The HGS of patients with no or mild inflammation (hs-CRP 0–3 mg/L) differed significantly from the HGS of patients with clinically concerning inflammation (hs-CRP > 3 mg/L) (31.9 ± 0.5 vs. 23.4 ± 0.8 kgF, U = 14610, W = 29488, p < 0.001). HGS was inversely related to inflammation levels. Bivariate correlational analysis showed a strong association between hs-CRP level and HGS (r = -0.552, p < 0.001). Furthermore, linear regression analysis also revealed a significant linear relationship between hs-CRP level and HGS (β-coefficient = -0.2, p < 0.001). As shown in Table 3, we observed an independent inverse association between hs-CRP level and HGS (p < 0.05). The following variables also emerged as risk factors or potential confounders: age, sex, and nutrition risk screening score (p < 0.05).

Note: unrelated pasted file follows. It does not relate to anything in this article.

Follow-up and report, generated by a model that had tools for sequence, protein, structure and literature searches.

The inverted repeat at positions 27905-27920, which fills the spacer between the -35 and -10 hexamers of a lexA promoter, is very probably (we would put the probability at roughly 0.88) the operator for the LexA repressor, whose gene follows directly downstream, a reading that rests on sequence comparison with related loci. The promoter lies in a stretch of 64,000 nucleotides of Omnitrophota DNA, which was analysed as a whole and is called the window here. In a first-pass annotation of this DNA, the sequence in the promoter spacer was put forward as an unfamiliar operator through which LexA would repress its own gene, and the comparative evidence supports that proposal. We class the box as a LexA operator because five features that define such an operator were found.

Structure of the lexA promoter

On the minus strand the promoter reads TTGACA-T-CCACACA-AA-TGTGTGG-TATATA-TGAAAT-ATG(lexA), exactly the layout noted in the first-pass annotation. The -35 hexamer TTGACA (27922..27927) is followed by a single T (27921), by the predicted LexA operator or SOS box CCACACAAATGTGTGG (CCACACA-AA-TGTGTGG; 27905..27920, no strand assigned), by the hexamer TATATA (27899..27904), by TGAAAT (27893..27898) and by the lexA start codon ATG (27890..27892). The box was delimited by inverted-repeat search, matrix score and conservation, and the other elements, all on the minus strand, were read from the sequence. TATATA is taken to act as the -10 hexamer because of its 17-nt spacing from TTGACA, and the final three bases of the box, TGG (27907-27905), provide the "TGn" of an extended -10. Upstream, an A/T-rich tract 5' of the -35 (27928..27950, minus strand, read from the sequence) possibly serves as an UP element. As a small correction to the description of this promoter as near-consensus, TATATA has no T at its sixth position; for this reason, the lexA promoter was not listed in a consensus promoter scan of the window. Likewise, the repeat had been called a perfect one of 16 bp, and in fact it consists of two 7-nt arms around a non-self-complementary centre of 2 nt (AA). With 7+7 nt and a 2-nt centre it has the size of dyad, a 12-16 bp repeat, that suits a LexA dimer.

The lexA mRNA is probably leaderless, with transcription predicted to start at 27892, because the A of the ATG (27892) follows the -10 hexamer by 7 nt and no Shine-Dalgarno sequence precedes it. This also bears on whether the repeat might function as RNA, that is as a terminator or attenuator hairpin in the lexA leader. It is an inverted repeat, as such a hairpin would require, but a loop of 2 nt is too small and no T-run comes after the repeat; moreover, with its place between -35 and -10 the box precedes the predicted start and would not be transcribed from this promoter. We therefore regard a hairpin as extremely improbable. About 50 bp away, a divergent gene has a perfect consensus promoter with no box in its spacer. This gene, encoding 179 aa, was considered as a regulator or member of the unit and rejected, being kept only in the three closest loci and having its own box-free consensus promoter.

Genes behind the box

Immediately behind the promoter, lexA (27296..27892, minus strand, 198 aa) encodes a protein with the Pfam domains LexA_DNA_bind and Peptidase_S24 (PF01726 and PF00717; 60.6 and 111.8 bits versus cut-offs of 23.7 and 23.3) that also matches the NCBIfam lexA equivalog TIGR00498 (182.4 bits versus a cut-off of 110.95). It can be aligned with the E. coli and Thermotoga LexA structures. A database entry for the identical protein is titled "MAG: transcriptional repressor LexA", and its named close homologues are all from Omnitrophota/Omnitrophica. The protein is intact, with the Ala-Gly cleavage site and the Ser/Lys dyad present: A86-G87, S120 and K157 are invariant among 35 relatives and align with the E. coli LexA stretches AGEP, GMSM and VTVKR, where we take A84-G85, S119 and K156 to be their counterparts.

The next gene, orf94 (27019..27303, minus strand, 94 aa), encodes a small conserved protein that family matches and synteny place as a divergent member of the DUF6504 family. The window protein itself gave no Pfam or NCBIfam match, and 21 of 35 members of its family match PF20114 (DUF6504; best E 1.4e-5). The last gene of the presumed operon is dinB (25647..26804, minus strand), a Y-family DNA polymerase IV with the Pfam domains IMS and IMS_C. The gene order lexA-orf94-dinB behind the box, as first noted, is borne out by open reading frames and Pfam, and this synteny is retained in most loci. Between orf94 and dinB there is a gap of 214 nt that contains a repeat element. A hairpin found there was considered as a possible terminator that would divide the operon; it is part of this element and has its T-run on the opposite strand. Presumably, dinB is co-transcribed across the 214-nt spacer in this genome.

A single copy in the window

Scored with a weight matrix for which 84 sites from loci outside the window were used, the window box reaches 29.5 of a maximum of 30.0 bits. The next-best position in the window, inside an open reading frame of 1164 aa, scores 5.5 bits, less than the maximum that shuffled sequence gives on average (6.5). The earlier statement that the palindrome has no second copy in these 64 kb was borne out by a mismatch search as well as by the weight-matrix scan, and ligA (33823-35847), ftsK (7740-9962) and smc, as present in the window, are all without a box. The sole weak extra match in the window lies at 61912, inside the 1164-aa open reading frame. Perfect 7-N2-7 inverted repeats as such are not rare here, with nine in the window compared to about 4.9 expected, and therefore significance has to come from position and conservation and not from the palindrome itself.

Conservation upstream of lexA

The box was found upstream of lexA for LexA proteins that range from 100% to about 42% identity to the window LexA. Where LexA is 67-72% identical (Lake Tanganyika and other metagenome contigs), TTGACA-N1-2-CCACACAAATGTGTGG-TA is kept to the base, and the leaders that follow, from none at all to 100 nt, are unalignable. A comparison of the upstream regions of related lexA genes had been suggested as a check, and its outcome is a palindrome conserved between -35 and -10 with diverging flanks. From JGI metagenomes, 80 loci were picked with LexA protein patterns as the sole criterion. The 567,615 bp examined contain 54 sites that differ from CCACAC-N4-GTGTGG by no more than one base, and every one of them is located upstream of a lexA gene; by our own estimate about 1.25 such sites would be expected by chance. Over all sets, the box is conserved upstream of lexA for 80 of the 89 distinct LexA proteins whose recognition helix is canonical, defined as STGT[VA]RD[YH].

Table 3. Analysis of factors influencing HGS

4. Discussion

The linear regression results presented here show significant impacts of age, sex, nutritional status, and inflammation on HGS, consistent with previous studies [12, 13, 14, 15, 16]. Several studies have shown that people experience a gradual loss of muscle mass and strength after the age of 40 at a rate of 1.5–3.5% per year [9]. Undernourished patients (identified by NRS-2002) also had lower than typical HGS [14]. Results from animal experiments have suggested that inflammation induces muscle weakness [15, 16].